Marital bliss is worth more than you think

I’ve spent my life trying to make women happy, from my mother to my wife to my four daughters to my dog. But I don’t think I was very successful.

Sometimes I felt like Sisyphus, always pushing that boulder up the hill only to have it come crashing back down on me. O tempora, o mores! Cicero said that or perhaps it was Homer … Homer Simpson.

Maybe I tried too hard. Maybe I didn’t try hard enough or maybe I was simply cursed, like Sigmund Freud before me, to not understand what women want.

Mom, wherever you are, I’ll say some extra prayers. As for my daughters, their husbands can take over now. And I think the dog may come around if I give her a few extra treats. That leaves my wife, whose case requires cautious examination in light of recent studies on marital bliss.

Researchers at Rutgers University and the University of Michigan found that when a wife is happy in a long-term marriage, so is her husband — even if he isn’t prone to be happy. The study examined couples married an average of 39 years, and while there aren’t too many of them around, they managed to find 394 with at least one spouse older than 60.

After analyzing data about health and disability, they determined that the quality of a marriage and happiness in older adults were related. Rutgers professor Deborah Carr said, “When a wife is satisfied with the marriage, she tends to do a lot more for her husband.” (I have to write that quote down.)

She concluded, “The association between a husband’s marital quality and life satisfaction is buoyed when his wife also reports a happy marriage, yet flattened when his wife reports low marital quality.” I could have told you that, and my only qualification is a wedding ring, not a Ph.D.

Other studies suggest that a happy marriage can cut the risk of cardiovascular disease, which would save billions in health-care costs, when you consider heart disease is the number one killer in America.

I’m convinced that gifts and flowers won’t ensure happiness. Yard work and home improvement projects help, but I hate leaf blowers and lawn mowers. I suppose I can clean off my nightstand as a goodwill gesture, but that pile of books near my bed gives me a sense of security in an uncertain and troubled world.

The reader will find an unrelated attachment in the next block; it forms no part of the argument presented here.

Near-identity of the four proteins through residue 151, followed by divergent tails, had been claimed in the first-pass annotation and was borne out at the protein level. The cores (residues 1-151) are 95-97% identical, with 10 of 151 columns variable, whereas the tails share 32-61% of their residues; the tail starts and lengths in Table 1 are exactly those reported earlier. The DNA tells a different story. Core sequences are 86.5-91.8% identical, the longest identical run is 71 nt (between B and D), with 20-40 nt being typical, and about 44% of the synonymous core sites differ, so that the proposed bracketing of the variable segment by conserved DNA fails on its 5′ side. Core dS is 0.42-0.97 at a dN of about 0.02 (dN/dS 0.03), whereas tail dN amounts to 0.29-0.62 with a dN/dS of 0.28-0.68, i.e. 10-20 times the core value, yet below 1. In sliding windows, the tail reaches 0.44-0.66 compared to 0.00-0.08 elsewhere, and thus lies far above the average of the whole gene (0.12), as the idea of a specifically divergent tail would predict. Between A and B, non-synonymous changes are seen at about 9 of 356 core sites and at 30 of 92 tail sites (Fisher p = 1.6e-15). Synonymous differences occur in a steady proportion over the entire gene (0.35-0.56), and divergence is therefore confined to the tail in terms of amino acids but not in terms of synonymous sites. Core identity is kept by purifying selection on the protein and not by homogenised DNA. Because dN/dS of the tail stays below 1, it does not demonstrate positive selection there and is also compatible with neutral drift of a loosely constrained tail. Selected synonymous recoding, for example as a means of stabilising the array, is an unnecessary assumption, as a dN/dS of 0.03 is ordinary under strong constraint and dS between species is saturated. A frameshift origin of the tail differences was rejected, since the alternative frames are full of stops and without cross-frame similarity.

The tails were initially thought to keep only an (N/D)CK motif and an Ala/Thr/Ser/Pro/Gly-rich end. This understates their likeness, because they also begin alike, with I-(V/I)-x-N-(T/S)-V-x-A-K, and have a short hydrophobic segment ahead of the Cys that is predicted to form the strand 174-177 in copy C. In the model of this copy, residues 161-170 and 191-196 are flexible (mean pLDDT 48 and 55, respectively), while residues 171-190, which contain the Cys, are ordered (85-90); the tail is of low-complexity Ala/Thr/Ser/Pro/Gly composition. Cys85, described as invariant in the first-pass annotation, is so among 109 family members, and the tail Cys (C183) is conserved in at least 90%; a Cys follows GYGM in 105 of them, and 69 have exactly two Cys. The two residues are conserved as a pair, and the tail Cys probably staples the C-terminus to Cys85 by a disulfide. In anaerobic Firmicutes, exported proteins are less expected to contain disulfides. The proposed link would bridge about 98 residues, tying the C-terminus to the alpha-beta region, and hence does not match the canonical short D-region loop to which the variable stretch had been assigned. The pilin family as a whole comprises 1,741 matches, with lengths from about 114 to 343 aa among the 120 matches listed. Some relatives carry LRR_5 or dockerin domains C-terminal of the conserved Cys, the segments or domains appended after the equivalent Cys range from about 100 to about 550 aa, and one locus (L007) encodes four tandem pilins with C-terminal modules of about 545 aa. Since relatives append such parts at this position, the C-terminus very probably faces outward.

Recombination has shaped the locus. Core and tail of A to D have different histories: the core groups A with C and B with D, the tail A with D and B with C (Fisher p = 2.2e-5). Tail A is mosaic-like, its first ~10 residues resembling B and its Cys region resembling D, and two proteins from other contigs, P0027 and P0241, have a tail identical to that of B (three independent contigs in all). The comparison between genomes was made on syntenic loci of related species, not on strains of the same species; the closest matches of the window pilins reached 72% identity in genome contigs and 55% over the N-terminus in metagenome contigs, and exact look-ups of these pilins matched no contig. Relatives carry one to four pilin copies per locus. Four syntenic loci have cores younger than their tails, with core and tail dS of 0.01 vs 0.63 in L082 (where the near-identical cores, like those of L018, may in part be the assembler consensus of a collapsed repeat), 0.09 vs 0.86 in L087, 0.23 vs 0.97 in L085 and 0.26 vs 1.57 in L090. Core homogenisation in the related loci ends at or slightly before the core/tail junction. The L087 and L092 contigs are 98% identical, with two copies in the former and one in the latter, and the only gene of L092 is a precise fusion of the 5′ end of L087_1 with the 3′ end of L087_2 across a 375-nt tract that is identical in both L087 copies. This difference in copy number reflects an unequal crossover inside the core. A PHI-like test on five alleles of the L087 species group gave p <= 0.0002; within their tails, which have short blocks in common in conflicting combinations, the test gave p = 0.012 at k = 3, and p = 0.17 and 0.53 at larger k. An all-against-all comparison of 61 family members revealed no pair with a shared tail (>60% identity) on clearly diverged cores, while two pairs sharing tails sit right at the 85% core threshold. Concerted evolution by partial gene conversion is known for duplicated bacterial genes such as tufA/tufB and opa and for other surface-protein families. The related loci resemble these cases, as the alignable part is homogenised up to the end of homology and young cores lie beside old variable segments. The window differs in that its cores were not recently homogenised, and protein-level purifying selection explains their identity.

All too often, husbands don’t care enough about making their wives happy. If they did, they’d contribute more to the household, they’d volunteer to see every Nicholas Sparks movie (there are several thousand), they’d cook dinner occasionally and do the dishes rather than leaving them in the sink, and they’d go to ceramics and/or yoga class instead of watching Monday Night Football.

So, men of America, lend me your ears. (Shakespeare said that … or maybe it was Lady Gaga.)

Science proves that we have to work harder to make our womenfolk happy so that we can be happy, too. Up until now, most of us concentrated solely on making ourselves happy, and that’s counterproductive, because unhappy women lead to unhappy societies.

Throughout history, ever since God invented guys, male insensitivity has tarnished civilization. It started when Adam tried to blame Eve for eating that apple. Unfortunately, this predicament has reached crisis proportions. Do you realize that women are increasingly turning to dogs for companionship? Have you seen those best sellers with titles like Why My Third Husband Will Be a Dog and You Had Me at Woof and Bark If You Love Me?

I’m convinced if God had to do it all over again, he’d create woman and then he’d create her faithful and loyal companion — dog. Lastly, he’d create man as a servant for dog and give him a pooper scooper.

Guys, a small investment will pay off. Women don’t demand much, so let’s try to give a little and we’ll get a lot in return. Science says so. Plus, you’ll be a better man, and the results will be obvious in your next EKG.

Joe Pisani may be reached at